Have you ever spent a couple of minutes reading the labels on your canned food? If you did, you would find lecithin listed as one of the additives on them. Have you tried analysing how such additives can contribute to your health? If not, it is high time you sit on this.
Lecithin is a vital component that can determine the smooth functioning of your liver. Do you know how? Read this blog to find out how lecithin can help with fatty liver and other disorders like dementia and Alzheimer’s.
What is Lecithin?
Lecithin is a generic name for yellowish-brown fats that are vital for your cells. It is most commonly found in foods like egg yolks, organic meat and soybeans. It literally translates to ‘yolk of egg’ from its Greek parent word, lekithos. Lecithin has ample medicinal value and is often used to manufacture medicines. It serves to evenly distribute fats from food intakes and convert them to more visually appealing deposits.
What is fatty liver?
Your liver is responsible for breaking down fats to store them for consumption by different body parts. In the case of fatty livers, huge droplets of fat, usually containing triglycerides, are deposited in the cells of the liver. This condition can persist for longer, often leading to other serious issues.
The major risk of having fatty liver is that this is an asymptomatic condition that may be left undiagnosed for a long time. In advanced cases, livers can swell up to three times their optimal size, leading to pain. However, if diagnosed, fatty liver can be treated and cured. This condition is most commonly seen in people who consume too much alcohol. That is, repeated consumption can hinder the smooth functions of the liver’s digestive enzymes. Subsequently, the body struggles to absorb proteins, vitamins and fats. This can lead to malnutrition and cirrhosis.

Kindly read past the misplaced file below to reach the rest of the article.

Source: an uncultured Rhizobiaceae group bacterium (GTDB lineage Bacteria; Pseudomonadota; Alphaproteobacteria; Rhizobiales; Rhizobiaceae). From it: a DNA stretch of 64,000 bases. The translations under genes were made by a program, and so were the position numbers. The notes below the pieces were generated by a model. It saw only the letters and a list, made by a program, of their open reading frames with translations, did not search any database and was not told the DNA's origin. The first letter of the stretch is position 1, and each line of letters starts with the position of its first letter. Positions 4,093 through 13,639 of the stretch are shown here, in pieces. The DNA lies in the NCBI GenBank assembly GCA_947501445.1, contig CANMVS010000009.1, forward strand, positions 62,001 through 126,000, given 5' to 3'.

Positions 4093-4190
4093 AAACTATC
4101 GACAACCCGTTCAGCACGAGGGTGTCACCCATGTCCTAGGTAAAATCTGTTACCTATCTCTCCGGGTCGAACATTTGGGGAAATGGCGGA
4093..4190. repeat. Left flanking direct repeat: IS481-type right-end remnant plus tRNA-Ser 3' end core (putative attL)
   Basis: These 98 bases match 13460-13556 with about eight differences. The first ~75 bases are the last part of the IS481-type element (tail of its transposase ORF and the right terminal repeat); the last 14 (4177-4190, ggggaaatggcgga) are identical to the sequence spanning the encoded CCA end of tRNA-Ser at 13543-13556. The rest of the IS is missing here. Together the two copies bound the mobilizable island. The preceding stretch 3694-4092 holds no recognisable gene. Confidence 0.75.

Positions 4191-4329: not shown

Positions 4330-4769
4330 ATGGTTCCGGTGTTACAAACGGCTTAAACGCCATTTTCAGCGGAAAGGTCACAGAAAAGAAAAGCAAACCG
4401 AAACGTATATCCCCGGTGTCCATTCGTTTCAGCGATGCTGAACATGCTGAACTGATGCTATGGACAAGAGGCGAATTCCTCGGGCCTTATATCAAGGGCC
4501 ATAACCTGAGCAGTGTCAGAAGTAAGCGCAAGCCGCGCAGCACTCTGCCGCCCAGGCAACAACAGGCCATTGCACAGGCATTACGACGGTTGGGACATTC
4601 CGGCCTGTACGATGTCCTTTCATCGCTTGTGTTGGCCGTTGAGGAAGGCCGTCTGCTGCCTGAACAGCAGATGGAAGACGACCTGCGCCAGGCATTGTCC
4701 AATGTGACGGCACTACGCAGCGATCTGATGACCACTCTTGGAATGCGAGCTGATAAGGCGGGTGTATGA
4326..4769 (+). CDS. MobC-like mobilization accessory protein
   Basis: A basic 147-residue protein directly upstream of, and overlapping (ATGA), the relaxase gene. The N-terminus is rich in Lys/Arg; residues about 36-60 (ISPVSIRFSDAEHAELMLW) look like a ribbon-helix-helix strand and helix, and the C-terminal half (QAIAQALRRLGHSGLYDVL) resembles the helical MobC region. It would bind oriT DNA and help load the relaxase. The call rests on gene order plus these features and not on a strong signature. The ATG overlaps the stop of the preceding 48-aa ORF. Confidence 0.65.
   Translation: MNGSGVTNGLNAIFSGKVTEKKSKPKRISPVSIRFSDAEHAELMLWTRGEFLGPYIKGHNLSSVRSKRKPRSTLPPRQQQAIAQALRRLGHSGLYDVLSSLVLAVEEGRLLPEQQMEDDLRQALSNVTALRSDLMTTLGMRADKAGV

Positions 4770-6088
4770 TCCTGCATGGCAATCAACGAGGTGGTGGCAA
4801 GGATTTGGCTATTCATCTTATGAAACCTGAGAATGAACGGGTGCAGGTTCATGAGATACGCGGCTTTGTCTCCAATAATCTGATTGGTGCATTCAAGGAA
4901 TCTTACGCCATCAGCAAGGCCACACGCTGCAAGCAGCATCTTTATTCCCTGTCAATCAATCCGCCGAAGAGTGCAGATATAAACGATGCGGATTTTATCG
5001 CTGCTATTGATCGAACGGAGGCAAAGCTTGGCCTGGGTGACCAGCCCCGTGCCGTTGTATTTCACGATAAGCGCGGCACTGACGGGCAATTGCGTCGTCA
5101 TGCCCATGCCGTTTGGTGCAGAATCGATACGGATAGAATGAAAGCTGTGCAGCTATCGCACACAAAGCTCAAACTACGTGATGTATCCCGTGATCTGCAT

How does Lecithin help fight fatty liver?
Lecithin constitutes two-thirds of the fat in the liver. Also, 30% of the dry weight of our brains is constituted by this fat. Lecithin acts as the body’s predominant source of choline which facilitates optimal liver functions.
PC or phosphatidylcholine is lecithin’s equivalent that is concentrated in the liver and protects it from damage. According to Dr. Jae Man Lee’s findings, phosphatidylcholine helps in the formation of cell membranes and activates LRH-1 activity in your cells.
DLPC or dilauryl phosphatidylcholine is proven to be extremely effective in reducing fatty liver conditions and increasing insulin sensitivity. This unusual phospholipid is a component in the dietary supplement lecithin. DLPC helps to boost LRH-1 activity too. It has been validated in the study conducted by Baylor College of Medicine.
Lecithin thus serves to reduce the accumulation of fats in your liver. Additionally, this compound is proven to be helpful in treating memory ailments like Alzheimer’s and dementia. Gallbladder diseases too may be combatted using Lecithin.
Lecithin is seen to be extremely effective in treating hepatic steatosis or fatty liver in patients who are on long-term parenteral nutrition. It is a type of lipid that prevents the accumulation of fats in the liver with the help of choline, which is an important constituent in it. Choline supports the metabolism of the liver and makes the neurotransmitter acetylcholine.
Livers with low levels of phosphatidylcholine cannot produce low-density lipoproteins that are vital to carry the fats from the liver to different parts of the body. In a study published by the Paediatric Research journal in 2007, experiments were shown to be carried out on mice. Liver damage in mice that consumed lecithin was found to be reduced.
You can consume lecithin by adding beef liver, egg yolk, chicken breast, salmon, shrimp and scallops to your diet. Additionally, you can consume lecithin as a supplement from The Longevity Lab’s Apple Cider Vinegar. These capsules guarantee slimming and better functioning of the liver, in addition to fighting metabolic syndromes and improving your cardiovascular wellbeing.
Embrace these supplements as soon as possible to combat the risks of fatty liver.